Still, Whitaker will need to rebuild public confidence in air travel that’s been undermined by spurious flight delays and cancellations, as well as and pay extra attention to an aviation workforce that’s been stretched too thin, added Alan Diehl, an aviation consultant and research psychologist who also previously worked at the FAA and NTSB.

“These are labor-intensive jobs, and working extra shifts is not conducive” to long-term safety, Diehl said in an interview Monday. Like Guzzetti, Diehl cited the resilient and redundant system that boosts safety.

Diehl said Whitaker will also have to navigate the ongoing fight in Congress over the FAA reauthorization bill, which has been held up by disputes over pilot training rules in the Senate.

“The political paralysis is probably the biggest obstacle he’s got to overcome,” Diehl said of getting the FAA bill to advance past the Commerce Committee. Meanwhile the House cannot take up conference legislation without a speaker.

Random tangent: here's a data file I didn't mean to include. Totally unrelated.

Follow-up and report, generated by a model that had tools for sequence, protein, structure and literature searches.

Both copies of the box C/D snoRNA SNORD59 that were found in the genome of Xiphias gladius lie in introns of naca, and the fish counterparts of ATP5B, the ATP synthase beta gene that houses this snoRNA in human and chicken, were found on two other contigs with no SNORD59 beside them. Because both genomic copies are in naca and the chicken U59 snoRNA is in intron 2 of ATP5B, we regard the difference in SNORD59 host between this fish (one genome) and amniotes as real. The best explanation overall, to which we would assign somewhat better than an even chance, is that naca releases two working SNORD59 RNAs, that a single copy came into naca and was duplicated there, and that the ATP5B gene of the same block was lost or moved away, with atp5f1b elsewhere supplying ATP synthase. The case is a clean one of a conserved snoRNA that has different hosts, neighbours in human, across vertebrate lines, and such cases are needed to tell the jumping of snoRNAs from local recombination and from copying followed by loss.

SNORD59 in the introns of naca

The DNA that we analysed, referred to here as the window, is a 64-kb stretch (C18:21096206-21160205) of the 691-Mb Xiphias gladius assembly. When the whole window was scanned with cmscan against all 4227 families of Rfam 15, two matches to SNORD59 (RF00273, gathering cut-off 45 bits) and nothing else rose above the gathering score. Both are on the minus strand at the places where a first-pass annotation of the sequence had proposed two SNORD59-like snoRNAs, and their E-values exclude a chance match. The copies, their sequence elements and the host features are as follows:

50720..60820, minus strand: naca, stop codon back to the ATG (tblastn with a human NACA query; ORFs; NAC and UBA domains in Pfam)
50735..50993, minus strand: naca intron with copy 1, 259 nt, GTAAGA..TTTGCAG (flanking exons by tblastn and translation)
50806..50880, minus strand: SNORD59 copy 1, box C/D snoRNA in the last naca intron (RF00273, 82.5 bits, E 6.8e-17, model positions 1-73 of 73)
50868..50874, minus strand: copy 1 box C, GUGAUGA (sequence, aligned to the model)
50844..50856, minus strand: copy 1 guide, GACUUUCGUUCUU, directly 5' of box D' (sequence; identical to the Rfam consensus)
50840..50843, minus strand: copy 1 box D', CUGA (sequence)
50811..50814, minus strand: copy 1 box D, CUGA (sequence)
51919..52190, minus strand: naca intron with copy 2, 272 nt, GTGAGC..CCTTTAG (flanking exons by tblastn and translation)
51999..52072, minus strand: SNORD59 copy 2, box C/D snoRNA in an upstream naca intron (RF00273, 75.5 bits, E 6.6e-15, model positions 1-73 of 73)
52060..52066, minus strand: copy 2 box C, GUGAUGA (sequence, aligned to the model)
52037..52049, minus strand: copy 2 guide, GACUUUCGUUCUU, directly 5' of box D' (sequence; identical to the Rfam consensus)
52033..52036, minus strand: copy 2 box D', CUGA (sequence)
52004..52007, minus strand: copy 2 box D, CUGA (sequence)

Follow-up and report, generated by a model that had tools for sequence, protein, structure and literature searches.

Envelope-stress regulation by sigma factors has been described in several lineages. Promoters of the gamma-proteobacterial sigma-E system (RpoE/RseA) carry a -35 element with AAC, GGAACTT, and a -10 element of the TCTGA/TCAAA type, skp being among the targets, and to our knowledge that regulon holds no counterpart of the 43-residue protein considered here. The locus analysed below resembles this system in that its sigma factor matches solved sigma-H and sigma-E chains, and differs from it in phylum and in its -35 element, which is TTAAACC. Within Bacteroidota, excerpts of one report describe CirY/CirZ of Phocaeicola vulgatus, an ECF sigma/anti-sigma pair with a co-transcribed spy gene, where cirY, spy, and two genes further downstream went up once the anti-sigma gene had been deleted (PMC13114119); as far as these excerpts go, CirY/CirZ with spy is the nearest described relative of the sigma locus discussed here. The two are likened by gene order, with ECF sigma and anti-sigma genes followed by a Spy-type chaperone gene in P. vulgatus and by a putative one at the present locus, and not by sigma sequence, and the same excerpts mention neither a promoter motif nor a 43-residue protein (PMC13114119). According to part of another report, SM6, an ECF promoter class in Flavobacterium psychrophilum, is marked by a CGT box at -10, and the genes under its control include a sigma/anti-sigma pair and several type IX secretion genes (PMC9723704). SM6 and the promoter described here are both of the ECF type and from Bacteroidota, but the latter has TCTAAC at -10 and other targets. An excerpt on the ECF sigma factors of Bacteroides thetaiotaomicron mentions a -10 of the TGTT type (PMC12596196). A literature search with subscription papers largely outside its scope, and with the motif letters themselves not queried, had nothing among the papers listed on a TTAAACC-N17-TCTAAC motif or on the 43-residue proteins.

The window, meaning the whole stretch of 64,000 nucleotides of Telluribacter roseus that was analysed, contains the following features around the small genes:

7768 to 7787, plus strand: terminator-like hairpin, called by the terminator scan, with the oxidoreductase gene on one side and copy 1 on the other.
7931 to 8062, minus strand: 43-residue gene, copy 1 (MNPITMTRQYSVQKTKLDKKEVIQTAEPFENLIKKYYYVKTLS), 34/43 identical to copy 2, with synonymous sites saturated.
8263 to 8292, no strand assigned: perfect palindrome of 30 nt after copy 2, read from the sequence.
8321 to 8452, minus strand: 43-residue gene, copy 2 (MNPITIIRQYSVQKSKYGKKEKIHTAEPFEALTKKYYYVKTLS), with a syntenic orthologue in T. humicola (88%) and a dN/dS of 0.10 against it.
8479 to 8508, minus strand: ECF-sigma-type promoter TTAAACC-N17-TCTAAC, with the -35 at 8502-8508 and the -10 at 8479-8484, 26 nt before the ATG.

The agency has seen worse days: Whitaker’s predecessor, Steve Dickson, saw a tenure mired with challenges and increased pressure from lawmakers, pilots, and other aviation groups for the FAA to rebuild its oversight of manufacturers, most notably Boeing after two 737 MAX crashes that killed more than 300 people overseas in 2018 and 2019.

While the FAA’s failure to detect the Boeing aircraft’s flaws and criticisms that it fostered an industry-friendly approval process eroded trust in the agency, Guzzetti said he believed “the dust is settling” over those issues.

Commitment to the flying public

Scott Maurer, an aviation safety advocate whose daughter Lorin was killed in a 2009 crash of Colgan Air Flight 3407 near Buffalo, N.Y., said he and other family members of that disaster met with Whitaker last week, and he called Whitaker’s confirmation “good news.” (The Colgan crash was the last fatal domestic airline crash in the U.S.)